2. Thanks for this Marc. I know that James Cameron’s Avatar Alliance Foundation is working on this. It’s a key issue for them. But communicating around food issues like this is really tricky and there is very little research on good practices. As you say, “Food is so personal and cultural; no one wants to be told that their mom’s treasured recipe for pot roast is bad for the planet.”


  3. Hi, Marc –

    Thanks for the conversation over e-mail. As you suggested, I’d like to share my thoughts here as well.

    America’s farmers and ranchers are committed to raising animals not only in an ethical manner but also in an environmentally sound and sustainable manner – not only because it is the right thing to do, but to ensure that they can pass their farms on to the next generation. Continuous improvements in efficiency have allowed U.S. farmers to considerably reduce resource use and GHG emissions over the past century. For example, pork producers in the U.S. use 67 percent less feed than they did in 1959, with corresponding reductions in water use (41%), land use (22%) and carbon footprint (35%).

    The animal rights activist groups you mention in your blog that are working to convince consumers that consumption of meat and dairy products is environmentally unsustainable are using inaccurate calculations, flawed data and broad exaggerations. One example is the Food and Agriculture Organization of the United Nations’ “Livestock’s Long Shadow” report, which stated that livestock contribute 18 percent of global greenhouse gas emissions. The report was soundly debunked in 2009, and the original authors later admitted this figure was an overestimate, but it is still commonly shared by activist groups today. I’d encourage you to read more about how these groups mislead consumers in a piece by Dr. Jude Capper titled “The True Impact of Animal Agriculture on the Environment.” (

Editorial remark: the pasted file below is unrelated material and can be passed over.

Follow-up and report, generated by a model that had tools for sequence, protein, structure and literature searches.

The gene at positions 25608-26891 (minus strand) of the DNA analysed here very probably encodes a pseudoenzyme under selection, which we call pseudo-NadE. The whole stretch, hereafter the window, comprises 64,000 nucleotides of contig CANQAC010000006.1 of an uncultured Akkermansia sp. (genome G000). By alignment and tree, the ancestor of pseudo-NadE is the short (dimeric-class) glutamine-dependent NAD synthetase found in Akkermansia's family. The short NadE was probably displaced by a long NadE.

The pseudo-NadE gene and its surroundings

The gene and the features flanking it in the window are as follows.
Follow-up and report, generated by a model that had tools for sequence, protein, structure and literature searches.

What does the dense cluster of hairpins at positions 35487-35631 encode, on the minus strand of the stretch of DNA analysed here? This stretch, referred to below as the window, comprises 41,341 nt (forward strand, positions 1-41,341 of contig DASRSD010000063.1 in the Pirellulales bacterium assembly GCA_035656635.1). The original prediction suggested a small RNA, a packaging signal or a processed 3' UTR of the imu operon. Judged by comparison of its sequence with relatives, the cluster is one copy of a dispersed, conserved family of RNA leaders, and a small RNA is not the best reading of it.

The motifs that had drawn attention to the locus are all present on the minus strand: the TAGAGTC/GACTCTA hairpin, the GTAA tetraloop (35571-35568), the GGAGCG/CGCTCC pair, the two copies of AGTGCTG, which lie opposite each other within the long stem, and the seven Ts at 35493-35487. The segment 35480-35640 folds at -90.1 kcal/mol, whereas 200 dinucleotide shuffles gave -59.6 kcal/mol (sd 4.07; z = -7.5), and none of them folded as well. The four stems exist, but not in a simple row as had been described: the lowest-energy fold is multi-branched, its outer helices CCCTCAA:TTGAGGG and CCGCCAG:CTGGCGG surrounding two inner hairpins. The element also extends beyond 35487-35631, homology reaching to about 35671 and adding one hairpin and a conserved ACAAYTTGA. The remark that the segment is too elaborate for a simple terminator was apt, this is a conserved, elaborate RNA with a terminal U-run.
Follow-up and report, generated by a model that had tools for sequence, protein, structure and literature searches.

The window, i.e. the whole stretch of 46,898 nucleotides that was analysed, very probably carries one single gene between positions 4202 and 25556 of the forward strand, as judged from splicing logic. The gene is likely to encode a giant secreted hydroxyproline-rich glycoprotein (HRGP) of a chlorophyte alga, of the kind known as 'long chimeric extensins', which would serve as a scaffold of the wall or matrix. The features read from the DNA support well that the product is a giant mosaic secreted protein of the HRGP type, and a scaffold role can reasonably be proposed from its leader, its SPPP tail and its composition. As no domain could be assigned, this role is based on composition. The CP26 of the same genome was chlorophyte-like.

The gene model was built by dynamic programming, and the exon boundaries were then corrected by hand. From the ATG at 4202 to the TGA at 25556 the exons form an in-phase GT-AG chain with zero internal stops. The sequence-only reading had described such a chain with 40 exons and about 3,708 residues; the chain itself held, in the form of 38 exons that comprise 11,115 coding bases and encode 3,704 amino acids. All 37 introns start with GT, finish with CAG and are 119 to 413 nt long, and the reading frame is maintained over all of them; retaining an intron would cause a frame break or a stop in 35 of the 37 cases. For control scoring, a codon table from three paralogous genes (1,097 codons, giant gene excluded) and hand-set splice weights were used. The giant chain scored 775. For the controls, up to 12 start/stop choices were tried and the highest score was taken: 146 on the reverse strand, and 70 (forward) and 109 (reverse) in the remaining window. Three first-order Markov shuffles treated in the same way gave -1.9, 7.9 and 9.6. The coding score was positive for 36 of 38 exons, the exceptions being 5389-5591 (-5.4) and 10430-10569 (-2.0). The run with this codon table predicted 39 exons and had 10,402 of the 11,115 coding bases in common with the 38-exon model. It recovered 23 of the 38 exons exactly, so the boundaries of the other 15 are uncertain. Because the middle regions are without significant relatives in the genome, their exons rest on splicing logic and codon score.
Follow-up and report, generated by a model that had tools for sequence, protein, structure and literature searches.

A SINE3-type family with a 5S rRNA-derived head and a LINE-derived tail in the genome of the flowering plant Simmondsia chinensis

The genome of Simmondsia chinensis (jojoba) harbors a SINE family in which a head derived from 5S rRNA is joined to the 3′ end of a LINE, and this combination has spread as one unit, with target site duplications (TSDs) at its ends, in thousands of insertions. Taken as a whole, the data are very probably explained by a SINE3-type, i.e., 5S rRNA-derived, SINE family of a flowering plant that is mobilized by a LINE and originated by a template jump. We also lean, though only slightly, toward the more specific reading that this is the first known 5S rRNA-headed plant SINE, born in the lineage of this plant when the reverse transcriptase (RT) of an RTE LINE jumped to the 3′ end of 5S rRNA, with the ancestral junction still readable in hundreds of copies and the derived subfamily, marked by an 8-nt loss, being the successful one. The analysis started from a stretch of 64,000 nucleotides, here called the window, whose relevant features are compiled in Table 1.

Dr. Frank Mitloehner, a professor and air quality specialist at the University of California, Davis, tackled this same topic in a white paper released last month ( Dr. Mitloehner points out that the Environmental Protection Agency gives a figure of 4.2 percent for GHG contributions from livestock production in the U.S. and that needs to be compared to the main sources of GHG – the transportation sector (responsible for 27%) and the energy sector (31%). Just last week, the United States Department of Agriculture posted the most recent EPA GHG emissions data, showing that all of agriculture contributed just 10 percent of GHG emissions in the U.S.

    According to Dr. Mitloehner, the U.S. population would have twice the impact on reducing GHG emissions by replacing incandescent bulbs with Energy Star versions than adopting “Meatless Mondays” – 1.2 percent compared to 0.6 percent. The “Meatless Mondays” effort is a well-funded campaign working to eliminate consumer choice and pushing an unbalanced animal rights and environmental agenda by promoting false claims about animal agriculture.

    If you’re interested in learning more about animal agriculture and today’s farmers and ranchers, please consider visiting our website:


    1. Dan Schiff says:

      This is the first I’m hearing about the sinister ulterior motives of Meatless Mondays! A bit alarmist, no? I think any effort to get people to eat a more varied diet with vegan protein sources is a good thing, regardless of how ranchers may feel about it.

      As a society, we also need to get away from this deference toward limitless “consumer choice.” Many things that consumers choose are very bad for our planet.

      Liked by 1 person

    2. josefray says: